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Study on the Immunomodulation Effect of Isodon japonicus Extract via Splenocyte Function and NK Anti-Tumor Activity

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      Abstract

      Here we investigated the potential immune-enhancing activity of Isodon japonicus on murine splenocyte and natural-killer (NK) cells in vitro. The ethanol extract of I. japonicus significantly enhanced the proliferation of splenocyte and induced the significant enhancement of NK cells’ activity against tumor cells (YAC-1). In addition, I. japonicus increased the production of interferon (IFN)-γ and tumor necrosis factor (TNF)-α, suggesting that the increase in NK cell cytotoxicity could be due to the enhancement of the NK cell production of both cytokines. Taken together, I. japonicus extract inhibited the growth of human leukemia cells (K562) by 74%. Our observation indicated that the anti-tumor effects of I. japonicus may be attributed to its ability to serve as a stimulant of NK anti-tumor activity. In addition, our results support the development of functional food studies on I. japonicus.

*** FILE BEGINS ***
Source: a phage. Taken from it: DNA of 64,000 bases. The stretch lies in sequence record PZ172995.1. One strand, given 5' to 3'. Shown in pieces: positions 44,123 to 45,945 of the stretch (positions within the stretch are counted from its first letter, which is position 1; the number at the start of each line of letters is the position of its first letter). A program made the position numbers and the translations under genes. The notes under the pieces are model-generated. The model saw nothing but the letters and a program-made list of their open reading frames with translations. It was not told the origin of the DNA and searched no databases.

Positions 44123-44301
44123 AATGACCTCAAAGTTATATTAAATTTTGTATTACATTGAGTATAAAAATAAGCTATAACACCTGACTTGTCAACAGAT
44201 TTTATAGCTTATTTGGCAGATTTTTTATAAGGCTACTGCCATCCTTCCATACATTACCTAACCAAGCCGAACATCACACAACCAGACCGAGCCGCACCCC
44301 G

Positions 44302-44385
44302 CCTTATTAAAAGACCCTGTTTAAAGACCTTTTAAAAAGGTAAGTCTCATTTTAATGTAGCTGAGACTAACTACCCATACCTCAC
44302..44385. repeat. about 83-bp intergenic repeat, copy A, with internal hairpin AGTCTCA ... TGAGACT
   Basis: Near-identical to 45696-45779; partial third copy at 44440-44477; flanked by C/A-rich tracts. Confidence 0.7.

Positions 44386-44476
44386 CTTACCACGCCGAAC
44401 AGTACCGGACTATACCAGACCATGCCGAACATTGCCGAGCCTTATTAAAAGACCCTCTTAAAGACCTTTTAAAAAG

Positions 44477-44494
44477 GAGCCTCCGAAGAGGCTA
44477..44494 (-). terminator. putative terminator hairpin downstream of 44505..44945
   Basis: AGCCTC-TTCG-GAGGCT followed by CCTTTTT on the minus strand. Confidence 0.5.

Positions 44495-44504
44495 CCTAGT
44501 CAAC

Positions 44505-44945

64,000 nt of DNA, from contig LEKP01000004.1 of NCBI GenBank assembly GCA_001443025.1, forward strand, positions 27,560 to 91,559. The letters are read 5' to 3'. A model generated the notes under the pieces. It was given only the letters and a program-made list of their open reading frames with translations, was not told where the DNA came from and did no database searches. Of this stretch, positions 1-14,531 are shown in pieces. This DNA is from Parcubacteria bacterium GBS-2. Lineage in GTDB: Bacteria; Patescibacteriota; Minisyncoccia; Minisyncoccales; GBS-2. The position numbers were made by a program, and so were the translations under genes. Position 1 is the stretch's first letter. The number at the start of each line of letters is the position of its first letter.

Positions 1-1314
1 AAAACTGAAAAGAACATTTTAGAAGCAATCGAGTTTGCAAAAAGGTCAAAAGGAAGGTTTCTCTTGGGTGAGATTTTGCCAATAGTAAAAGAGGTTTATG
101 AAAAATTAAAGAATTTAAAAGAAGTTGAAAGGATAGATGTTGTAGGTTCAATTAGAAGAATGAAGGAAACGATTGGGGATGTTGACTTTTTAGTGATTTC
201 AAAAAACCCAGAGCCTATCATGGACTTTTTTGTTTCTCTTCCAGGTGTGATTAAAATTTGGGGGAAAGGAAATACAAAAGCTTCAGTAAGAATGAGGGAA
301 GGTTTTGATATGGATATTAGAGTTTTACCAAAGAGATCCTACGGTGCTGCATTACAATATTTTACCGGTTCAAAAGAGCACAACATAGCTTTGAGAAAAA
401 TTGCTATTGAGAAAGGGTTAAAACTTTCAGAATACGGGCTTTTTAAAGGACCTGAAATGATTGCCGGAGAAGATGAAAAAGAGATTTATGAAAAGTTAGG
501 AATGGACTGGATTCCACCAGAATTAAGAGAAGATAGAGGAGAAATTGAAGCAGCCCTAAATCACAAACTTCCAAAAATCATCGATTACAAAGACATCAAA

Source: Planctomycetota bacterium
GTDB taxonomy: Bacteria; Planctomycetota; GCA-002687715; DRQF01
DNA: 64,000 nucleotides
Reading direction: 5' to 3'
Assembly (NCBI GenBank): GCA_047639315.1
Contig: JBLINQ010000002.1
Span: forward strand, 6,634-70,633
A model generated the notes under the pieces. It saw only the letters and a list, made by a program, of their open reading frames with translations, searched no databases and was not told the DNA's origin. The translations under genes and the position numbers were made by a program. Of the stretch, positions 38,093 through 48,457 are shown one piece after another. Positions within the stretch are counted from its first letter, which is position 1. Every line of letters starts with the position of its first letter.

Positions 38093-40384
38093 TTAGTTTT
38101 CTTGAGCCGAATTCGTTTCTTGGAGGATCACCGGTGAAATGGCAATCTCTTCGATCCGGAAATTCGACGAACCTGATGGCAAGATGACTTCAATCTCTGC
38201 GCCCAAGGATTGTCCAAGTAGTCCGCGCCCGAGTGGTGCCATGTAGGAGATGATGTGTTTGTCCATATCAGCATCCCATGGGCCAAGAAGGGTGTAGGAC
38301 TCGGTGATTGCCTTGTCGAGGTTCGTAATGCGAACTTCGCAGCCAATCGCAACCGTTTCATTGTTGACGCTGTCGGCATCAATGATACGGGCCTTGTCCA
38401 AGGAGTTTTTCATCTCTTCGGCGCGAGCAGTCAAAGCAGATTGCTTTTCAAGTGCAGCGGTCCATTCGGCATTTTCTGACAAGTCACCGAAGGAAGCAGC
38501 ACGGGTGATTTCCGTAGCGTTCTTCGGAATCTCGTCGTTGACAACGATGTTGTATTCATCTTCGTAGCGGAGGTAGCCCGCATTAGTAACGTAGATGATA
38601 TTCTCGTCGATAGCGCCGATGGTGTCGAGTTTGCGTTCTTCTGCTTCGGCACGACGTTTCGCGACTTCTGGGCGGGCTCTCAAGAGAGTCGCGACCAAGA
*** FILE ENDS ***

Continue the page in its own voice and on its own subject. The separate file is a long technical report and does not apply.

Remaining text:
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      Most cited references 27

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      Immunity, inflammation, and cancer.